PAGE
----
For nearly a decade, academics, policy makers, and journalists have been trying to answer a relatively simple question: As society learns more about the dangers of American football, will parents and children of financial means turn away from the game, leaving only disadvantaged families to assume its risks? We too have wondered about the answer to this question. After years of searching for useful data and finding that there wasn’t any, we decided to try to get the data ourselves.
The first step was to figure out what type of data might be available – on file with government institutions and subject to FOIA requests – that could shed light on the financial means of the families of the boys who play youth football. After a few false starts, we learned that most schools’ databases give each student an anonymized identifying number—a number that can then be cross-referenced with both their participation in the school’s free or reduced-price lunch program and their participation in extra-curricular activities. What’s more, most schools were required to keep this data for at least five years.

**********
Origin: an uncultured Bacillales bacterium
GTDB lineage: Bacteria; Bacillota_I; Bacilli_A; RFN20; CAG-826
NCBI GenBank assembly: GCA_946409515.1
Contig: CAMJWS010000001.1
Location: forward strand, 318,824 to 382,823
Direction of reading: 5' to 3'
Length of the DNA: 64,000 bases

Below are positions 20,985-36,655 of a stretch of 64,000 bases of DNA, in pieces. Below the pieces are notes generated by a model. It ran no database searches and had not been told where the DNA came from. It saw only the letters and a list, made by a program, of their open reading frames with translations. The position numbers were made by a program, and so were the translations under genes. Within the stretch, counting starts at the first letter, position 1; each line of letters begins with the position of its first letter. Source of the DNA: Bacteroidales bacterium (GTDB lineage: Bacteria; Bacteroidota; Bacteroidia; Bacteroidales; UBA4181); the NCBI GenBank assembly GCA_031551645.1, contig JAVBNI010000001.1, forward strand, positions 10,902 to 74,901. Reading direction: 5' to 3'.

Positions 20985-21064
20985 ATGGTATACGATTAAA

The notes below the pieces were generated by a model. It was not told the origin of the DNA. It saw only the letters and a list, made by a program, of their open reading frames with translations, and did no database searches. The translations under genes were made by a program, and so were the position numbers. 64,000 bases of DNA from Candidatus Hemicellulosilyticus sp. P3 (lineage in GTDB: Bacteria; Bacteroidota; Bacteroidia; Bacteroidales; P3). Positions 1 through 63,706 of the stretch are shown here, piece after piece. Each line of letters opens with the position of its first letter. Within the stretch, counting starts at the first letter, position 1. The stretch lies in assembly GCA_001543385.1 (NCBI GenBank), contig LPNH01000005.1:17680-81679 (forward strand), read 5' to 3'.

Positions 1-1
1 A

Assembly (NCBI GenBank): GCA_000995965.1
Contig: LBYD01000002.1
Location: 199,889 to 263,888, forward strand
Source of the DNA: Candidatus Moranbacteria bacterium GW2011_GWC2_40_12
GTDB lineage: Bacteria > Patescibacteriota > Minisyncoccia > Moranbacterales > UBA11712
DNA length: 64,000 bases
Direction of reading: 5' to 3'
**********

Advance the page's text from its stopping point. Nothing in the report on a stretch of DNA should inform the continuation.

The second step was figuring out how to get a statistically-significant data sample. We decided we’d choose a state, and then send FOIA requests to each and every school district in that state. After consulting with experts, we settled on the state of Illinois — a state with a mix of urban, suburban, and rural areas; a blend of white, black, and Latino residents; and a long tradition of football.
As a check on our work—and to make sure Illinois wasn’t anomalous–we filed hundreds of additional FOIA requests, many to the largest school districts in the country. We also filed FOIA requests to the top performing school districts in nearly every state.